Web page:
Farmed salmon sector ‘on verge of collapse’ as imports flood in

THE farmed salmon industry in Ireland is close to collapse with more than a third of jobs lost and a fifth of companies in receivership, according to the Government.

The European Commission yesterday agreed to open an investigation into the possible dumping of cheap salmon on the European market, especially from Norway, Chile and the Faroe Islands, and its effect on the industry.

Extra duties on salmon from these countries were lifted last May and as a result imports increased by at least 15%.

The problem has been made worse by some Irish companies importing the cheaper fish, smoking it in Ireland and selling it as an Irish product.

Ireland’s farmed fish industry is the fourth largest in Europe and salmon is an especially important part of that according to the Irish Salmon Producers Group.

The probe was welcomed by salmon farmers and by the Marine Minister Dermot Ahern, who submitted evidence of dumping to the Commission last month.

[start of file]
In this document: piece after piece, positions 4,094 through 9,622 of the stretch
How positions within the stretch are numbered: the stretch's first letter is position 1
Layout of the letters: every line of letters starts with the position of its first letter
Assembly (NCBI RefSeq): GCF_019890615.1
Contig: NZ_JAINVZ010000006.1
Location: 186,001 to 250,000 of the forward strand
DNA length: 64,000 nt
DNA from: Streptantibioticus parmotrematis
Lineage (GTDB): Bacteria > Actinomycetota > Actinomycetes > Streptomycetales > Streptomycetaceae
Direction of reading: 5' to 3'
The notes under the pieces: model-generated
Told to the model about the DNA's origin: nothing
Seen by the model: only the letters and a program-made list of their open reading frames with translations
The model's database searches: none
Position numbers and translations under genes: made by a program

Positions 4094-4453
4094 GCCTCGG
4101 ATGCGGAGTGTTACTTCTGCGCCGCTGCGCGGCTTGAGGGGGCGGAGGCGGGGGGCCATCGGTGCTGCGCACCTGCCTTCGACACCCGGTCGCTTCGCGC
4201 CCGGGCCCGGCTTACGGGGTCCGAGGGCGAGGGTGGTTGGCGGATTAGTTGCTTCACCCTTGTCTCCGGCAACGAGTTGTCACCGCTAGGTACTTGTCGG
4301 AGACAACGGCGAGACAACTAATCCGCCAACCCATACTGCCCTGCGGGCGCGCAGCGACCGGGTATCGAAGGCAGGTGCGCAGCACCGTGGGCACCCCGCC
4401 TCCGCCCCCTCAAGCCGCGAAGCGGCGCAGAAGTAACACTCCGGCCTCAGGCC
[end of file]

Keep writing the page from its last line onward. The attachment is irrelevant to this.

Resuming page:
“The situation in farmed salmon is critical with jobs down from 1,600 to 1,000 last year and 20% of indigenous Irish firms in receivership”, he said.

The laying off of 600 people especially in coastal areas is particularly worrying, he added.

From 1997 to last year there were anti-dumping and anti-subsidy duties on imports of salmon from these countries, but these were removed after the countries gave undertakings that they would maintain their processing and production at a stable rate.

However after the anti-dumping measures were removed last May imports surged by 15% and the price for Irish salmon collapsed, falling by as much as 26%. At the same time production in Norway increased and they intend to increase it further this year.

Declan Droney of Kenmare Salmon in Kinvara, Co Galway said large amounts of cheap salmon, especially from Norway and Chile has flooded into the country in recent months.

“Some of this is being labelled as produced in Ireland and people buy it thinking it is Irish salmon”, he said.

A spokesperson for Trade, Arancha Gonzalez, said they expect such an investigation to take up to nine months to complete. “We have been presented with evidence by the Irish and British governments on farm salmon imports. Both countries complain that there has been a 14% increase in nine months of 2003 compared to the same time in 2002.”

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